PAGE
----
A Little Self-Reflection Never Hurt Anyone.

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Hello everyone,

After my readings last week I decided that it was time for some reflection to actually assess how I use both Assistive Technology (AT) and Universal Design for Learning (UDL) in my own classroom and school.  First, here is a quick video on the story of École Connaught School  so you can get an idea of the consultation that went into the new build.  Later in the post I will include a couple photos of my old classroom (formally and now the music room again), as well as my new classroom located in the portable rooms just added to our building 2 weeks ago.

Connaught is a unique school that has taken UDL to heart throughout the build in many ways.  Many of the classrooms have large garage doors so they are not only accessible, but offer the teacher a way of allowing independent or group work to take place in a new setting with supervision.  We also have many wide open work spaces with lots of alternative seating including couches, different chairs and varying heights of tables that are available to any student – they were not selected with anyone in particular in mind.  We have break out rooms, community spaces and “wet and messy” areas that are available to all staff and students as additional learning room!  Many classrooms are connected with sliding doors to connect learners and allow for collaborative work.  Each classroom has an interactive board and microphone system.  Connaught is also equip with an elevator to accommodate students who cannot navigate the stairs for whatever reason.  There is also plenty of natural sunlight as well as patio work spaces for the warmer months.  There are so many positive, well thought out attributes of the school.  I am honoured to work at a school where student success took such a front seat.  Assitive technology is also alive and well in our building.  We have SUCH diverse needs at our school that not offering these aids is really not an option.  We have wiggle seats for students, wobble chairs, assistive technology (lap tops, google read&write, etc.), games room at recess for students who struggle going outside, pencil grips, visual schedules,


SOOOO…where does this all leave me???  I am immersed in the possibility of wonderful teaching practices and a beautiful school but am I facilitating any of the positives that I have learned about, to ensure my students have what they need without feeling ostracized?  Below are a couple photos of my temporary classroom, which is normally the arts education room – hence the carpet and wall mural!  On account of the fact that I knew I wouldn’t be in this classroom for a long time, I didn’t put up all of my decor however, I made sure that all my regular items were accessible to my class – fidgets, alternative seating and flexible groupings.

When we moved into our new classroom I was able to finally give the students a classroom that was put together, looked nice and had the amenities that I was hoping for!  A breakout space, soft furniture, alternative seating, fidgets, essential oil diffuser, plants, an organized space for lap tops and cords for student computers, a visual schedule, a large calendar on the wall, quiet headphones, etc.  Although some of the list are not direct assitive technology, they are pieces of the classroom that students had become dependent on to have a smooth day.   I also kept my decor very simple and not cluttered – many of my kids have ADHD and too much going on in the class is a determent.  Below are photos of my current space:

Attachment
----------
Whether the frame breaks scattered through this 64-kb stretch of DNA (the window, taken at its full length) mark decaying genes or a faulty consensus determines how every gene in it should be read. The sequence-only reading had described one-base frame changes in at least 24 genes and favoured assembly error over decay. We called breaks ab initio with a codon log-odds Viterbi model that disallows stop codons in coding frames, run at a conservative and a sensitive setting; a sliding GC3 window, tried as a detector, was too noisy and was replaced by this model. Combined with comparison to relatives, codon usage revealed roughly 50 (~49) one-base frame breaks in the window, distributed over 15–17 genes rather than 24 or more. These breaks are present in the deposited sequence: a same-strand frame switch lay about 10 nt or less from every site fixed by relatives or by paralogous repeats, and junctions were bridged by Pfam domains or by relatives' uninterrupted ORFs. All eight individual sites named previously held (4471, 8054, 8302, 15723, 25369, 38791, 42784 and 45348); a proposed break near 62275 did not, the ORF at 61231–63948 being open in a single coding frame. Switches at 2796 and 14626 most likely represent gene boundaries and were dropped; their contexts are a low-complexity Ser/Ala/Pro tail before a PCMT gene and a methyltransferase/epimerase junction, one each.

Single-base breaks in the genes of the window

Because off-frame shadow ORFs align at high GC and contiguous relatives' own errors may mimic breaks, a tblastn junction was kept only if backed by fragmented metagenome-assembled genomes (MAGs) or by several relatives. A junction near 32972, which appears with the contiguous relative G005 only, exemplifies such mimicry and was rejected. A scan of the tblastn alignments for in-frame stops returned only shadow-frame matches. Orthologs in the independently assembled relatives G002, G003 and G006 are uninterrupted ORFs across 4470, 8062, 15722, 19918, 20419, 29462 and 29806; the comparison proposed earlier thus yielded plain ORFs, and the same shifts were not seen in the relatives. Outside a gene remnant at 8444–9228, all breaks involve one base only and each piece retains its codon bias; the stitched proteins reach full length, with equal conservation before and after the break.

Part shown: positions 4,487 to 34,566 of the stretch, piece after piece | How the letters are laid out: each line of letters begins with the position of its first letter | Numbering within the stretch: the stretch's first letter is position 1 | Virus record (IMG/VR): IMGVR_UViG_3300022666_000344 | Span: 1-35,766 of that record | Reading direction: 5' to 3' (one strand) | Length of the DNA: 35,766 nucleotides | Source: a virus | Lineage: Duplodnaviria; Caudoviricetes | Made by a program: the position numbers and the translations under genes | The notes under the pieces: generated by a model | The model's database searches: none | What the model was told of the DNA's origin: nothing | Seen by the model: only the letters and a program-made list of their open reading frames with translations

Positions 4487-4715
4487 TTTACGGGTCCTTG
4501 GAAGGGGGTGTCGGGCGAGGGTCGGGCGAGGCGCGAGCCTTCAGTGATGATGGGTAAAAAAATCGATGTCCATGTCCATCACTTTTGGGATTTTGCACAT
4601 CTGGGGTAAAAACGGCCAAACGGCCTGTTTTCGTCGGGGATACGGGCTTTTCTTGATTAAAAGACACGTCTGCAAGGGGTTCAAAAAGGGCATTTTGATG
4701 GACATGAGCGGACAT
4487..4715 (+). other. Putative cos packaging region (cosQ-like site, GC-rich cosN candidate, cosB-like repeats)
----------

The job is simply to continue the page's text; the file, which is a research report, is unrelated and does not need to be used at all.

I moved after doing some of the reading last week and I tried my best to make the classroom more accessible to all, rather than singling out specific kids.  I walk around the room to teach, I use my microphone, I allow students to choose their seat, sit on the soft furniture or stand and I allowed students to choose a wiggle seat, or wobble chair.  I was happy to offer the students some choice – however, I was also happy to lead children into certain items that I felt would benefit them.  Rocking chairs and rolling stools are assigned to students with specific needs, however, I gave them the chairs without making a big deal out of it and most of the other students didn’t notice.

Overall, I feel like after reflection I am doing OKAY.  I think the basis of my success falls back on relationships with my kiddos.  I have built a comfortable classroom where students know they will always get what they need, and that if another student gets something, it’s because they needed it.  I think it’s very important for kids to trust you and know that you have their best interest in mind.  I try and compare it to students wearing glasses – they wear them because they need them, you don’t wear glasses because you don’t need them.  If the trust is built I think it takes away some of the anxieties and stresses that assitive technology could cause.  I also think it’s crucial to think ahead and try and use UDL to minimize the amount that you have to customize for individual students as you probably have more students than you even realize that would be take something away from the change.

Now that you have an idea of what my classroom is all about, I intend on interviewing my students to see how they feel!  I am also going to transition into the learning apps I am using to try and engage students.  Do they like them?  Do they not?  Why?

Thanks for reading,

❤ Dani

“Educating the mind without educating the heart,

is no education at all.”







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